Europe’s continued vulnerability coupled with worries about Iranian oil supply is putting a damper on markets worldwide and pushing down copper.
By Shihoko Goto – Exclusive to Copper Investing News
Geopolitical risks are driving commodity prices in the first week of trading in the new year, and the price of copper is no exception. With renewed concerns about Europe’s ability to tackle its debt situation bogging down market sentiment on the one hand, and worries about oil supply falling as a result of anticipated sanctions against Iran are leading the red metal to falter. A possible slowdown in Chinese demand amid a weaker housing market is also weighing down the copper market.
There is growing fear that France will lose its AAA rating as the country paid more to sell its bonds Thursday amid continued anxiety about Europe’s murky financial outlook. Standard & Poor’s had warned last month that it may lower its debt rating for France as the Eurozone debt crisis continues to plague the continent and the French economy is perceived as more vulnerable to pervasive economic weakness than Germany. Thursday, France’s Treasury held its first bond auction of 2012 and sold 4 billion euros of 10-year bonds at an average of 3.29 percent, up from 3.18 percent at its previous auction in early December.
Investors have been concerned too by the situation in Italy, as shares in the country’s largest bank, UniCredit (BIT:UCG), were suspended Thursday from trading briefly as they fell to their bottom limit for the second straight day. Hungary too is stoking the flames of fear as investors worry that it will fail to get further aid from the International Monetary Fund and the European Union as the government changed laws governing the nation’s central bank. Market players voted with their feet against Budapest as the government sold only 35 billion forint of the 45 billion forint’s worth of one-year Treasury bills even though the average yield was at 9.96 percent, up from 7.91 percent paid in December.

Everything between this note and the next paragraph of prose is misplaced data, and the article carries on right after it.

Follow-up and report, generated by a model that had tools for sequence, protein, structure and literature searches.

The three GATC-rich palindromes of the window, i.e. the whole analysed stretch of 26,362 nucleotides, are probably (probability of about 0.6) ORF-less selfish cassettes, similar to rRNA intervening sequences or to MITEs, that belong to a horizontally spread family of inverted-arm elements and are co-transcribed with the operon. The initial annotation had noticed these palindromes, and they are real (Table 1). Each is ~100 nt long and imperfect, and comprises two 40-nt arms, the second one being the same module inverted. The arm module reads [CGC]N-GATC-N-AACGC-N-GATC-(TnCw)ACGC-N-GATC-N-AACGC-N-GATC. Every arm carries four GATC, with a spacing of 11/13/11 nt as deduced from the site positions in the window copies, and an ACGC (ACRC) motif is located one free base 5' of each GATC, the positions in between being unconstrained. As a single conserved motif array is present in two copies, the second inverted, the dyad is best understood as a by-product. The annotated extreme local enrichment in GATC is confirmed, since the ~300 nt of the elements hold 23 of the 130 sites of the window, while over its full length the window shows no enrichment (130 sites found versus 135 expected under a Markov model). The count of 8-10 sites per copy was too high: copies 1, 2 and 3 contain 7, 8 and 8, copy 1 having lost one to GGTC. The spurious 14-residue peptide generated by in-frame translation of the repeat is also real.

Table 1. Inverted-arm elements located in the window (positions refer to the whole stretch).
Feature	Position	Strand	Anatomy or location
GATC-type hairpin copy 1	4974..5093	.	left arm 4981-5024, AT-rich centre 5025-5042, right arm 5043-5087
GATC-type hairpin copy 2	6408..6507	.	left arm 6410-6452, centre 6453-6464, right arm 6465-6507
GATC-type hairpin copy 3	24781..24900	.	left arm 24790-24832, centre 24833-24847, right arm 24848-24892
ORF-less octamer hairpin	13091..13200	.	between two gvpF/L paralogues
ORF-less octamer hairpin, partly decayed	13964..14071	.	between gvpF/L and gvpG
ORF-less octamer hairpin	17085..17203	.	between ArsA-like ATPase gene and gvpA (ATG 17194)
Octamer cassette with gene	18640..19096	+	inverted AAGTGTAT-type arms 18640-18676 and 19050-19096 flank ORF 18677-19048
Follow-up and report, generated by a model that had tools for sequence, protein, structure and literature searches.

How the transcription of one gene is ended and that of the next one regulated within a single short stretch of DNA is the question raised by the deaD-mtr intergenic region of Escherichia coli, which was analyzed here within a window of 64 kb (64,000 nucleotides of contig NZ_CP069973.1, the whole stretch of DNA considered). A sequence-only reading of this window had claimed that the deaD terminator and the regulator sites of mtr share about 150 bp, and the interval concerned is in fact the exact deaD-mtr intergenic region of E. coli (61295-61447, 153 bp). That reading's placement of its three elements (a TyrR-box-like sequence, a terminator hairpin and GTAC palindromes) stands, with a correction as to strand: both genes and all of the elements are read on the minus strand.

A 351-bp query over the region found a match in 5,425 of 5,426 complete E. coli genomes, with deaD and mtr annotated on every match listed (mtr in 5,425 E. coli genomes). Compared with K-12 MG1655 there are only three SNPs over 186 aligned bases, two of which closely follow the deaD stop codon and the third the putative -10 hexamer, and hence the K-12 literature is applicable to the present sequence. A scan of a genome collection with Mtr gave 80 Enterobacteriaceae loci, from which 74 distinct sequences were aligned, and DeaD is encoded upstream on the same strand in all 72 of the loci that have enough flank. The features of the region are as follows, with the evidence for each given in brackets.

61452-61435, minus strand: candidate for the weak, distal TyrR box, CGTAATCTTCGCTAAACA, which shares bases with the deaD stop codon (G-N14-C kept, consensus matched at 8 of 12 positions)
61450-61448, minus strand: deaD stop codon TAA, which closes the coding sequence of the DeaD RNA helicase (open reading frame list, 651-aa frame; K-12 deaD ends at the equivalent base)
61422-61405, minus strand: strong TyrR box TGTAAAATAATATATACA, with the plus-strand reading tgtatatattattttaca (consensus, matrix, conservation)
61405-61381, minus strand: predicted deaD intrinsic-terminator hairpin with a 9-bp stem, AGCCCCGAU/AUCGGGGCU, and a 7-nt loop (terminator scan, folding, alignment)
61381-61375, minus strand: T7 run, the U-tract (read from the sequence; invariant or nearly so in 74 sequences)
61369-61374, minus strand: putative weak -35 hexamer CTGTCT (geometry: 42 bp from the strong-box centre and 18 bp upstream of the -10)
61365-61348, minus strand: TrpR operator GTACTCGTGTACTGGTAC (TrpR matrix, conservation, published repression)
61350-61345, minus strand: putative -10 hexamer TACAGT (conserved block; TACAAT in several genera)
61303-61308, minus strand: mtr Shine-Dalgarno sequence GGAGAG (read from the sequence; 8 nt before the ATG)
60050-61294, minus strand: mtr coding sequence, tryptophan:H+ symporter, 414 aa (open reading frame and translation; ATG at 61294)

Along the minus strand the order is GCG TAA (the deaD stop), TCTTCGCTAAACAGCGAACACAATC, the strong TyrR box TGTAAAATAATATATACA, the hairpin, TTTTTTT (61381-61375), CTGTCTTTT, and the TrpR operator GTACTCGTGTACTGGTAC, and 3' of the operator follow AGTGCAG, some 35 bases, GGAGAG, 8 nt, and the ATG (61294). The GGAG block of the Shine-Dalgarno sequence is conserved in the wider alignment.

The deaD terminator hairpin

Europe remaining on shaky ground is expected to hurt global economic prospects, which in turn is expected to dampen industrial output. At the same time, the price of oil is rising as the European Union mulls the possibility of imposing an import ban on oil from Iran. Such a move could push up the price of Brent crude to above $125 a barrel, up over $10 a barrel from current levels, according to Societe Generale. That in turn would eat into the bottom line of manufacturers worldwide.
In China, meanwhile, Chinese real estate web site group SouFun Holdings reported the country’s housing prices falling for the fourth consecutive month in December, with prices in all of the country’s 10 biggest cities going south.
Early Thursday, copper traded down 1.2 percent at $3.39 a pound. The red metal ended the day’s trading session slightly higher at $3.41 a pound.
Meanwhile, BHP Billiton (ASX:BHP) has settled 2012 copper concentrate treatment and refining charges with Chinese copper smelters at $60 a ton and 6.00 cents a pound, up from $56.5 a ton and 5.65 cents a pound in 2011, according to Reuters. The news agency pointed out, however, that BHP’s price is lower than the $63.5 a ton and 6.35 cents a pound for 2012. Freeport McMoRan (NYSE:FCX) has agreed to buy clean, standard concentrate from China’s Jiangxi Copper and Japan’s Pan Pacific Copper.
Japanese steelmaker Kobe Steel (TSE:5406), meanwhile, is on the lookout for a domestic partner in its copper as well as aluminum operations to cut costs. Its President, Hiroshi Sato, said at an event hosted by the Japan Iron and Steel Federation that the company would consider a merger but added that it is not in talks with any potential partner at the moment, Bloomberg reported.
On the supply side, Zambia’s Chamber of Mines is expecting copper production capacity to reach 1.6 million tons a year by 2016 on the back of increased investment in the mining sector in the country, according to the Times of Zambia.
I, Shihoko Goto, have no interests in the companies mentioned in this article.